Summer is finally here and that means it is time to enjoy all the wonderful fruits and vegetables that are now available at grocery stores, farmers markets, or your own backyard garden. And one of the most popular summer fruits, though used like a vegetable by most, is the tomato. They come in all shapes and sizes, but there is nothing that spells summer like a fresh tomato salad or a slice of tomato on your burger, hot off the grill. Best of all, they are good for your health.

Tomatoes are a major dietary source of antioxidants lycopene and beta-carotene as well as many other vitamins and minerals that are important for good health, including vitamin C, vitamin K, potassium, and folate. Tomatoes are also high in fiber and low in carbohydrates and calories. An average small tomato contains 18 calories and 5 grams of carbohydrate which comes from insoluble fiber which has been shown to help lower cholesterol levels in the blood. 

Image Credit: Дарья Яковлева from Pixabay 

Researchers have studied the health benefits of lycopene, vitamin C, and beta-carotene extensively and recent observational studies showed consumption of tomatoes and high amounts of lycopene was associated with the prevention of prostate, lung, stomach, and breast cancer. An article in the Journal of Nutritional Science and Vitaminology (2015) found that a high intake of tomatoes and tomato products had a moderately beneficial effect on reducing the incidence of prostate cancer, however more research is needed to determine what type and amounts of tomato products are most effective.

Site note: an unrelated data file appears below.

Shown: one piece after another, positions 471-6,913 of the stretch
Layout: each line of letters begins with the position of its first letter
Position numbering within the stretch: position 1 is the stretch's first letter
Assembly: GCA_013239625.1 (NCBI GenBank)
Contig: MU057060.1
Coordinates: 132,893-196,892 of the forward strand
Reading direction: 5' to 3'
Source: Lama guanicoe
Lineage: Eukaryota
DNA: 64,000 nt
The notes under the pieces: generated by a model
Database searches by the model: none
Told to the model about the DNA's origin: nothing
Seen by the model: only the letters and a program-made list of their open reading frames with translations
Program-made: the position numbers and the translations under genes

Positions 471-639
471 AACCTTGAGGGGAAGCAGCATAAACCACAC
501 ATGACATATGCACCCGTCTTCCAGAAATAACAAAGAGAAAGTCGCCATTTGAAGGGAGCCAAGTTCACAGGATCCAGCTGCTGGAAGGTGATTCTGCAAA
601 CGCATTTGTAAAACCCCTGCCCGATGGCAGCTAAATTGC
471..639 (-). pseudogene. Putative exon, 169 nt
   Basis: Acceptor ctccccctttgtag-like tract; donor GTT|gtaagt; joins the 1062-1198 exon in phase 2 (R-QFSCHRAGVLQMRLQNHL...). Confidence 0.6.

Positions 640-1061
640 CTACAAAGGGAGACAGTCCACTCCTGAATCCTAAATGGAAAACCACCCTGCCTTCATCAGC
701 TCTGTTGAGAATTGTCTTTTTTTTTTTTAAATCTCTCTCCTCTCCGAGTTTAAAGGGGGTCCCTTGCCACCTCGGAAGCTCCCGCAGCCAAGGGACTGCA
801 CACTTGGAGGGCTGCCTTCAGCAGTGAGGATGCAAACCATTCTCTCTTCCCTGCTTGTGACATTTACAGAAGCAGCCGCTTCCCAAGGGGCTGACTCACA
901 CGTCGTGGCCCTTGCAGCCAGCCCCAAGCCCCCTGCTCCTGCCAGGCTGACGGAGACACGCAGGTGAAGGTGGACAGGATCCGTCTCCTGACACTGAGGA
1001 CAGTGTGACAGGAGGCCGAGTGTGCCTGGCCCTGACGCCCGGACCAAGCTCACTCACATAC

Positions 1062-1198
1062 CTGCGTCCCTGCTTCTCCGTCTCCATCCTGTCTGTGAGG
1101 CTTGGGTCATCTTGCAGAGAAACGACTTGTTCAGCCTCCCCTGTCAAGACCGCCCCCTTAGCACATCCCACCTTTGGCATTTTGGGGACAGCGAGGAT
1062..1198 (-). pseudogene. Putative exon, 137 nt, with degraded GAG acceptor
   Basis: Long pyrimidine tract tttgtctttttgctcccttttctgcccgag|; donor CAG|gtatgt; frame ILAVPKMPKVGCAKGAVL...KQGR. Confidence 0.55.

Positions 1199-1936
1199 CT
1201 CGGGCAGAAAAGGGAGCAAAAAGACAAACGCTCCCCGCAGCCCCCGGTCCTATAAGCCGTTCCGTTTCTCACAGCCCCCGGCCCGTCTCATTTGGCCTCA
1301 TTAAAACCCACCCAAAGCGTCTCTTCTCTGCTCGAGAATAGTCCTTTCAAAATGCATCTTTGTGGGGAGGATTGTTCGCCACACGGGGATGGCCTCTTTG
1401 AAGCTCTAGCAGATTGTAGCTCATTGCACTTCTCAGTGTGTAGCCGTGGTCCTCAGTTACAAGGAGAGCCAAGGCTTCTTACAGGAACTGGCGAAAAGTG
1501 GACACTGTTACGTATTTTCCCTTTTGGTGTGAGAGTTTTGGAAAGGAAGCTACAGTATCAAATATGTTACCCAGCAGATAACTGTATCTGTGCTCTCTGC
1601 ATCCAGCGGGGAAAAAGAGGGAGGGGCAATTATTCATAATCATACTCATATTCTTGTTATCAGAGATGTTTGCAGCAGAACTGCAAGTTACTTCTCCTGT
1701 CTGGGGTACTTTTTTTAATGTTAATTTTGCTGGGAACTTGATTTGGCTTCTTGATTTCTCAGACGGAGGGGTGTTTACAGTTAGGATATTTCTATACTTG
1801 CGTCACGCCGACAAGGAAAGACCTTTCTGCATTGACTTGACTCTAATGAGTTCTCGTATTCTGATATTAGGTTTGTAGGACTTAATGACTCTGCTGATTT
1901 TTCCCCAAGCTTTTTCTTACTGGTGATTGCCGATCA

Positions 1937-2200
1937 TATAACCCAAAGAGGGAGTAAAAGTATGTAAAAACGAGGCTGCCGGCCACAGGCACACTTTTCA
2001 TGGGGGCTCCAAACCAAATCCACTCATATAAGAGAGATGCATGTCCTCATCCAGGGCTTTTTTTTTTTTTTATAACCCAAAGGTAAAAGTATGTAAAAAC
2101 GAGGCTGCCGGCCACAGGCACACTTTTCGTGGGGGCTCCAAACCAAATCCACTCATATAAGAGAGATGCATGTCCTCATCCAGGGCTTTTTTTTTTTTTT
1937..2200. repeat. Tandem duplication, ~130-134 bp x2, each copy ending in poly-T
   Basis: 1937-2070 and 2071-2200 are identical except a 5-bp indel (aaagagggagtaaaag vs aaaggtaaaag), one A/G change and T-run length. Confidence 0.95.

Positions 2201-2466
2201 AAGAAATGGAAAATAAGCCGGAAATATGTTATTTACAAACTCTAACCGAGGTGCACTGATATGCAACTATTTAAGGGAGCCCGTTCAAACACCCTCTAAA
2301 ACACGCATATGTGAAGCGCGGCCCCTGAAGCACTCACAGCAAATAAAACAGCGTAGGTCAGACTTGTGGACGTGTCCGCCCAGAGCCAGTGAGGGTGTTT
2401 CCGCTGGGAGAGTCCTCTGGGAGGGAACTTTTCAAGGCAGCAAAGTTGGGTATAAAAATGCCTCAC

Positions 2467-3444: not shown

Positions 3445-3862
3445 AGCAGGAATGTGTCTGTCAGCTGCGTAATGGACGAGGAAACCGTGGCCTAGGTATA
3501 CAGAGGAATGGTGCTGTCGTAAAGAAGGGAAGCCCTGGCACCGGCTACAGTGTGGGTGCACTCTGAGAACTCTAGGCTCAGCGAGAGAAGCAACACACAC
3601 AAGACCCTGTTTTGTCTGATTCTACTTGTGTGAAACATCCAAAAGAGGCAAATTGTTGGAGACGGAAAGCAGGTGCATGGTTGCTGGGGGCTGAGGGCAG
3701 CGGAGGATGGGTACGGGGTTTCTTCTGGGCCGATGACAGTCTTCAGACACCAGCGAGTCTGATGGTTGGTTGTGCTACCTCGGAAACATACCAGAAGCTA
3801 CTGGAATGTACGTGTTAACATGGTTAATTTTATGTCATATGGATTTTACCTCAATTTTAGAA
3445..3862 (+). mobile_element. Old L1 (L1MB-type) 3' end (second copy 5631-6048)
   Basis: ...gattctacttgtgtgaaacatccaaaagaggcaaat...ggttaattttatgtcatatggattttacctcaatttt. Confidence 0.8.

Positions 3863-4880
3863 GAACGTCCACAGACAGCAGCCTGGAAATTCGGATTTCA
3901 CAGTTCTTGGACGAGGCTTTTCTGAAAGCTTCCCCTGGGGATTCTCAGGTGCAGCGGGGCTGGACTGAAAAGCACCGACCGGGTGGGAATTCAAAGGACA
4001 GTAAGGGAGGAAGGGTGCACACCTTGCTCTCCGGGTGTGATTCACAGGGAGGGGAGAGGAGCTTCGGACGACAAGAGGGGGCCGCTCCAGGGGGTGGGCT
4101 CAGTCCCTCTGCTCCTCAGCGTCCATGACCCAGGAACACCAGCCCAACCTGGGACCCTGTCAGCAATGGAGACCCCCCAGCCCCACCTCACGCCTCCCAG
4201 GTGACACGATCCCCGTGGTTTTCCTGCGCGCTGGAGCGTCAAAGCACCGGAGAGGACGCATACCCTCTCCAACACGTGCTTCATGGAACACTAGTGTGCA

But the reason for eating tomatoes gets even better. A study published in the Journal of Clinical Nutrition (2018) concluded that high dietary intake of fruits and vegetables rich in vitamin C, carotenoids (e.g., lycopene), and other antioxidants was associated with a reduced risk of cancer, heart disease, and premature mortality. The researchers presume that it was not the individual antioxidants that reduced the risk, but a collection of components found in fruits and vegetables, thus making a strong case for the consumption of tomatoes for good health.

Tomatoes come in hundreds of varieties, many of them hybrids, and studies have found that the vitamin and plant compounds such as lycopene and beta carotene can vary widely between tomato varieties but no one variety is considered better than another for nutritional benefit.  

There are basically six types of tomatoes; each one has a different use in the kitchen and a variety of ways that they can be prepared. Here is a short review of each type.


The smallest and most easily grown in a backyard garden or potted on a deck. Grape tomatoes are low in calories at 1 calorie per tomato and make a great snack or salad ingredient.

Image Credit:  tristanaverythomas from Pixabay 


Twice the size of a grape tomato, these are very juicy and well suited as kabobs on the grill, made into a simple tomato sauce, or eaten raw as a snack. 

Image Credit: Ernesto Rodriguez from Pixabay 


Sometimes called Plum tomatoes, these are oblong in shape, sweet, and juicy. They are best for making sauces, roasting, or canning.

Image Credit: congerdesign from Pixabay 


Are non-hybrid and the seeds are passed down from one crop to the next. They come in a range of colors including red, green, yellow, purple, and reddish purple. They are also often misshapen and may not look very appetizing but are prized for their sweet flavor. Don’t judge a book by its cover!

Image Credit: GreenbeltCoop from Pixabay 


Large, round, and firm, are great for slicing as they hold their shape and are great on a sandwich.

Image Credit: Hans Braxmeier from Pixabay 

Vine Ripened

These are tomatoes still attached to the vine when sold which prolongs their shelf life. Vine ripened tomatoes have been shown in research to contain somewhat higher levels of antioxidants and other nutrients than those picked before being fully ripened. These tomatoes are great for making a caprese salad, layering on pizza, or putting in a BLT. 

Image Credit: PietjeBogerman from Pixabay 

Feature Image: Hans Braxmeier from Pixabay 

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